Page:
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TOPIC: 8AF Radar Bombing Ranges

8AF Radar Bombing Ranges 27 Apr 2013 00:44 #11

  • P Bellamy
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Two 1st Air Division radar ranges to add to the list, as given in a report dated week ending 7th May 1945:

Plotting Unit type and location: SCR-584 at Bassingbourn
Range Target: Cambridge

Plotting Unit type and location: SCR-584 at Hucknall
Range Target: Derby

Both units were closed down during week ending 20th May 1945.

The two Division SCR-584 Plotting Units located at Hucknall and Bassingbourn have been closed down.
During its two and a half months of operation the Hucknall Unit has recorded approximately 500 H2X practice runs.
The Bassingbourn Unit had only three operational days before the close-down order was given.

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Paul Bellamy
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ARG Archive, Alconbury

8AF Radar Bombing Ranges 27 Apr 2013 12:42 #12

  • Peter Kirk
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Great stuff. I wonder how many more there are to find? I assume this is from the 1st AD archives again?

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8AF Radar Bombing Ranges 27 Apr 2013 13:02 #13

  • P Bellamy
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Yes, it was buried deep inside one of the files in the 1AD Archive.

Reading between the lines, a fair assumption would be that by VE Day there was intended to be at least eight 8AF radar bombing ranges in the UK.
Two for the Pathfinder School and two for each of the three Air Divisions.

8AF Pathfinder School:
Peterborough
Nottingham
1st Air Division:
Cambridge
Derby
2nd Air Division:
?
?
3rd Air Division:
?
?

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Paul Bellamy
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ARG Archive, Alconbury

8AF Radar Bombing Ranges 27 Apr 2013 21:49 #14

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Looks to be one fairly local and one further afield. If they were allocated simultaneously there may be a record of the 2nd and 3rd AD locations somewhere but if it was in sequence perhaps not.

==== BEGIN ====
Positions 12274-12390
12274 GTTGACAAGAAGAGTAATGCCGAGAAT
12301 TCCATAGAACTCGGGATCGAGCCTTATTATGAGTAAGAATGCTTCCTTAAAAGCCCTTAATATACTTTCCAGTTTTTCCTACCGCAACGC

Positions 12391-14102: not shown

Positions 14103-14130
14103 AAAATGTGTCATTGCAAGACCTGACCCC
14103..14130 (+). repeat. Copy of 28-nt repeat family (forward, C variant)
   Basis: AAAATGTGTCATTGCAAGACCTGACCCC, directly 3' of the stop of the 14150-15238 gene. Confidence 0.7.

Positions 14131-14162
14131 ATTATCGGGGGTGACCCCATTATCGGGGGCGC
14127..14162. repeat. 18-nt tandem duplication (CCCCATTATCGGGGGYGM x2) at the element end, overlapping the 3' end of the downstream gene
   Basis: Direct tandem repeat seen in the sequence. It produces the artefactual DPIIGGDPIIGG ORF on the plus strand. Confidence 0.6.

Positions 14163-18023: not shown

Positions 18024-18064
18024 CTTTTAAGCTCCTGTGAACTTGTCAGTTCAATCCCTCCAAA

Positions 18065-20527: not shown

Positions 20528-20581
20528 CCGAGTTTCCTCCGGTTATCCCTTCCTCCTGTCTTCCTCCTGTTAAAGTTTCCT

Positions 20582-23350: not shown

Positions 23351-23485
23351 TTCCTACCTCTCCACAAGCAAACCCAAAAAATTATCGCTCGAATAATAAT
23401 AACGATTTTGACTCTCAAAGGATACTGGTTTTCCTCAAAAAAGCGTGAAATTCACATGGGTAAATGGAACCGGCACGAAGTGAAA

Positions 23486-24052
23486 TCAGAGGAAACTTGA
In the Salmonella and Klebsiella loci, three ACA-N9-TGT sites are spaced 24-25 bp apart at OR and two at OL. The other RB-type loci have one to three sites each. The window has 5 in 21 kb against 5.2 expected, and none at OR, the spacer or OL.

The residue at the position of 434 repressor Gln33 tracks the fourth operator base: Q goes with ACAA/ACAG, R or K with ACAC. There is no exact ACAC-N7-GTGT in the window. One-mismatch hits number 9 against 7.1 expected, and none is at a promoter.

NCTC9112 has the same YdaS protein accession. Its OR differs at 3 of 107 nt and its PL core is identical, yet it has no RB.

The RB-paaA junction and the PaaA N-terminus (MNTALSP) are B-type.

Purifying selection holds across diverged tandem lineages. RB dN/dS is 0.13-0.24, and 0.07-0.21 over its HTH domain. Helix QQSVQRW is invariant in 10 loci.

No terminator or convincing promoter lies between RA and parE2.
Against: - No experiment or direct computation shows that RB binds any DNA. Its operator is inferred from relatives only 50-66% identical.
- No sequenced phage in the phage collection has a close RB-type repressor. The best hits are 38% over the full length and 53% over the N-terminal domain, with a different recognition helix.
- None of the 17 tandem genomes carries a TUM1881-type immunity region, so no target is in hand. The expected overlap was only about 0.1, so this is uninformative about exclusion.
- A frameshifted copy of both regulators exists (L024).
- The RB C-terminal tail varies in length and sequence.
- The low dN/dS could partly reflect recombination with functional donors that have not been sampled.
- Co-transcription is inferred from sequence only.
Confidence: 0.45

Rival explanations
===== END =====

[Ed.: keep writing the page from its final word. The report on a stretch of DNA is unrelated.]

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8AF Radar Bombing Ranges 02 May 2014 16:08 #15

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The SCR 584 was also used for a trial in close air support. The 584 was located at RAF Honeybourne and its position accurately mapped. The target was the Longdon Bombing range and this was also accurately mapped. Once both location were plotted the 584 was pointed at the target with only a 15 second error in angle. A Wellington armed with practice bombs was to fly on a predetermined course and to drop the practice bombs on command by the 584 unit.
To do this the intended height and ground speed of the aircraft, along with the direction was used to calculate the release point so that the 584 unit could mark the point on their screen when release was required. Unfortunately the SCR 584 was not available for long so only four runs could be made. The results showed an average range error of 64yds and 109yds in azimuth however some drops used two bombs to determine the direction the aircraft actually flew about 20deg from the briefed path in one run.

No date was given but it was in 1944. Presumably the idea was to allow for close air support in low or zero visibility?

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8AF Radar Bombing Ranges 18 Jun 2014 15:54 #16

  • Peter Kirk
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I have just received a copy of "Operational Analysis in the U.S. Army Eighth Air Force in World War 2" by Charles W. McArthur [published in 1990] (reasonably priced at $15.99 including shipping).

This confirms that the experiment was originally to be based on result of photographic bombing but with the English weather it would have taken too long for the ideal conditions. They were pointed in the direction of a British Army Captain who had been involved with using gun laying radar to track aircraft with reasonable accuracy and this was the solution to their problem of the weather. As this equipment was already set up around Oxford for RAF trials the USAAF merely made use of it.

I haven't had time or the energy to fully read the chapter on the Oxford Experiment but will post any additional information when I do.

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